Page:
A green screen is essential in filmmaking, especially with big sci-fi, fantasy, and superhero blockbusters taking over the film industry. But that’s not the only thing it’s good for. Did you know that you can also use a green screen for streaming?

A green screen is the colored background you want to remove from your shot. It could be any single-colored backdrop, but it’s usually bright green since this is the farthest color from human skin tones. This will make it easier to turn the background transparent without grabbing parts of the subject in the foreground. The process of removing the background in post-production using a live green screen software is called chroma keying.

Blue screens were used in the early days of film. And you can still use it if you have a green prop (or hair) or you’re trying to match a background with lower-light.

But do you really need a green screen?

If you have the time, resources, and an eye for interior design, you can set up your studio with posters, lighting, and other visuals in the background. But if you have a dark and cramped space with lots of clutter, a green screen can help cover all that for you.

Now, let’s discuss how you can create a green screen studio at home.

How to Create the Best Streaming Green Screen Setup at Home

Unless you have your own cyclorama or have the budget to build a greened out studio, your best option is to go DIY. There are also green screen kits available online if you don’t want to go full DIY. But whatever route you choose, make sure that you use the right kind of green. Digi green and chroma key green have the ideal tones for streaming with a green screen. Just make sure that you get a non-reflective green screen material to get the best results.

Here’s how you can effectively set up your green screen studio at home.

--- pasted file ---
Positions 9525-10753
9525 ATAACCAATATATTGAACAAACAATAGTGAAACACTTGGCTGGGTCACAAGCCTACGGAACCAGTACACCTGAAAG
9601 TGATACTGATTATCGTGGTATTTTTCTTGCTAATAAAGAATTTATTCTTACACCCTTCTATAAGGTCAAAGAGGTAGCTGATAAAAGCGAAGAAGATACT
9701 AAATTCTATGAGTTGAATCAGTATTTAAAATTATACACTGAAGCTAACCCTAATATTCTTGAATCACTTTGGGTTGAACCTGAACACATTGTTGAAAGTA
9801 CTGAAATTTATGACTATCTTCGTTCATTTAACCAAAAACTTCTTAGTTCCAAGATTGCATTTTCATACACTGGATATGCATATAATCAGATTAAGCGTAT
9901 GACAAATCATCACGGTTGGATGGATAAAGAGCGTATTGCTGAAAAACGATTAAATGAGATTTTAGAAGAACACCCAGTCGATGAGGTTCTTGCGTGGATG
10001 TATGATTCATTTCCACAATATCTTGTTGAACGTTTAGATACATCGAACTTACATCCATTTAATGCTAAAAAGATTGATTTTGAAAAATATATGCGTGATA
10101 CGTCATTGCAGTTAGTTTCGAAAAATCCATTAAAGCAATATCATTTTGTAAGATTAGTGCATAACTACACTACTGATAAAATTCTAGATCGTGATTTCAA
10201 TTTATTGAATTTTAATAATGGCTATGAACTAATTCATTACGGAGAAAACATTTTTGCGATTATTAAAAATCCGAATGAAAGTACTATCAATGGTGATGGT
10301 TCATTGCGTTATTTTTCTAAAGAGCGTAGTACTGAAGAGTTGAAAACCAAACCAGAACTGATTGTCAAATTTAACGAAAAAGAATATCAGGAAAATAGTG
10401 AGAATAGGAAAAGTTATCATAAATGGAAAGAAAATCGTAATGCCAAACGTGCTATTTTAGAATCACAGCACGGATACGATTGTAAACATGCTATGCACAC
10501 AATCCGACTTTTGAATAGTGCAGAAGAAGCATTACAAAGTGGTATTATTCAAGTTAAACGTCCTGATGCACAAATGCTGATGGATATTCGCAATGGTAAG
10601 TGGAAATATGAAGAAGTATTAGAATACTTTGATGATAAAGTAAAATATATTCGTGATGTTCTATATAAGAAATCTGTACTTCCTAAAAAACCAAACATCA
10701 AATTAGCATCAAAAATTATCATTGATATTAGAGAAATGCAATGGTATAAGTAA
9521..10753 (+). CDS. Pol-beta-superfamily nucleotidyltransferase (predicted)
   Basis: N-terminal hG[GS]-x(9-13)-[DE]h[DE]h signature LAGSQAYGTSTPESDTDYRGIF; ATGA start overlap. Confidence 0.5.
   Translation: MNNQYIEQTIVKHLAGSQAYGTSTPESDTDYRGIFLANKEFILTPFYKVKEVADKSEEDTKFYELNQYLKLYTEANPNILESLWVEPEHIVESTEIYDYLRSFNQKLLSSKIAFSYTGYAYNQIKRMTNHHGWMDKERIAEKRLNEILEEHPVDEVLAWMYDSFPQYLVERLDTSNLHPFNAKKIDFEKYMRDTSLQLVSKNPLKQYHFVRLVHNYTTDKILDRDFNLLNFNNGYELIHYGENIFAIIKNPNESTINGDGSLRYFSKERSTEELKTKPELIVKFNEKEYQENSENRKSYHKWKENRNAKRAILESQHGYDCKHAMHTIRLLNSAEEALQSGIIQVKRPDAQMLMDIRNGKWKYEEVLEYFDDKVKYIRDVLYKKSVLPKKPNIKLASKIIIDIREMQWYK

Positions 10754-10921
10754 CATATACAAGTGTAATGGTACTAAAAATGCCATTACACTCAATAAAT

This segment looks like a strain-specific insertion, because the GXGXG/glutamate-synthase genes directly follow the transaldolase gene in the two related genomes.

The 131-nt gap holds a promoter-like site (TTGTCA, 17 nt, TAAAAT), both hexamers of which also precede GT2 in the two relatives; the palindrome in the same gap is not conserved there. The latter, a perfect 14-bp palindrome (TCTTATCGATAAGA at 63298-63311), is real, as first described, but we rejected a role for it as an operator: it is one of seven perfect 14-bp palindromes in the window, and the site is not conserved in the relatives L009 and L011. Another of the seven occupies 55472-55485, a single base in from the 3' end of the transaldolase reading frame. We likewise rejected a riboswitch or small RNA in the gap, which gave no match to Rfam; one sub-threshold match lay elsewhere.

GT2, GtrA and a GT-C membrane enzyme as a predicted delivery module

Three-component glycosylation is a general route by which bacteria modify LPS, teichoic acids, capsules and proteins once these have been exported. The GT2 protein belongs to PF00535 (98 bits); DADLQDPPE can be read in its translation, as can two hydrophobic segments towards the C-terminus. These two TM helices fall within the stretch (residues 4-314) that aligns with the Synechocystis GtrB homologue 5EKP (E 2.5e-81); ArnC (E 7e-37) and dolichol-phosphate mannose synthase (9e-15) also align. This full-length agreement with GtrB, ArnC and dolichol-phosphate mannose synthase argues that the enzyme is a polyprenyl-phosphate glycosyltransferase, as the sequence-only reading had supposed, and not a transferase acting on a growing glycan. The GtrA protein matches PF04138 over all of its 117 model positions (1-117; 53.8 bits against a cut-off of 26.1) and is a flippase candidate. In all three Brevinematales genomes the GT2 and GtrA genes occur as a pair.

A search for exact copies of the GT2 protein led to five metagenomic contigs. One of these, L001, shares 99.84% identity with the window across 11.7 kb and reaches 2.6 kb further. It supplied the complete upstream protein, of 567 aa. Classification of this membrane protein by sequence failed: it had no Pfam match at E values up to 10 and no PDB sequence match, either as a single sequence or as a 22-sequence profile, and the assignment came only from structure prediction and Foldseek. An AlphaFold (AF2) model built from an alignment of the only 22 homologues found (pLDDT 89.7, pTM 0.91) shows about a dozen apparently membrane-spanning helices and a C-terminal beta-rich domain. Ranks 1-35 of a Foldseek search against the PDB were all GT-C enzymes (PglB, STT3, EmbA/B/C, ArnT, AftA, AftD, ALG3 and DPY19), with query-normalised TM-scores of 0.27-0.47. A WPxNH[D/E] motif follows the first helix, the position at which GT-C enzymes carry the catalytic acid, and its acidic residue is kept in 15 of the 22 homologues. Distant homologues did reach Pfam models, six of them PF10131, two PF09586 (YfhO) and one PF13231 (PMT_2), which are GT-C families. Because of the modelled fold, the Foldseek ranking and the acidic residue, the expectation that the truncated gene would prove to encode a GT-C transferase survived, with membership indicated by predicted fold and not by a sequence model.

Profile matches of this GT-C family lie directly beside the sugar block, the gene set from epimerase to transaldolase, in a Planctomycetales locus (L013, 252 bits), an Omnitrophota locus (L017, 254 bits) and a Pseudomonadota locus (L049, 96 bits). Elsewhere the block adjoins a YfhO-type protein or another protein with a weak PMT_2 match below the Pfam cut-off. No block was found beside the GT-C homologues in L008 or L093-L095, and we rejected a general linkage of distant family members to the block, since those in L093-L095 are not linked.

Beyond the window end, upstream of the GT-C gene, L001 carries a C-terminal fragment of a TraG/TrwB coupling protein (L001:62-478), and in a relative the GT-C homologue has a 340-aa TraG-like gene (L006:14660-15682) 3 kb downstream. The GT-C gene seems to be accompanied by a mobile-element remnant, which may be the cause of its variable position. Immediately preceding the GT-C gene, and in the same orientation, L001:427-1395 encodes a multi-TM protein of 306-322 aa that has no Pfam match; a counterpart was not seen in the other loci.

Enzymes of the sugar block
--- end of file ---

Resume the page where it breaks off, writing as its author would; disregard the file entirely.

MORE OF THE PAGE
1. Find a good location

Choose a location with a space large enough to fit your backdrop and other live streaming equipment, such as your cameras and lights. Stretch fabric is the most versatile material for green screens. You can use it in any environment because it has a taut surface that will remain smooth, even when it’s windy.

Placing your green screen on a flat, stable surface will help ensure that it doesn’t topple over. You can also secure it by putting sandbags or weights at its feet or the sides of the cloth. You can also use green flooring if you’re shooting the subject down to their feet for full coverage.

2. Use proper lighting

When using a green screen, it’s vital that you create a consistent shade of green. This will make the whole chroma key processing so much easier. Use strong lighting to illuminate from the sides and top. This will give you excellent lighting coverage while hiding your lighting equipment from the shot.

Green screens with stretch fabric material are taut, so you won’t have to worry about it having shadows. On the other hand, if you’re using a DIY cloth, use as many fasteners and clips as necessary to make sure that your surface is as smooth as possible.

3. Light the subject

To reduce shadows cast by the subject, you can use overhead lighting. If you’re going to use standing lights, ask them to stand a few feet away from the background. This will eliminate the unintended green edge caused by the subject’s shadows, helping you avoid having a color spill. Additionally, make sure that everyone who will be onscreen is not wearing green, especially bright green. Otherwise, they’ll fade into the background.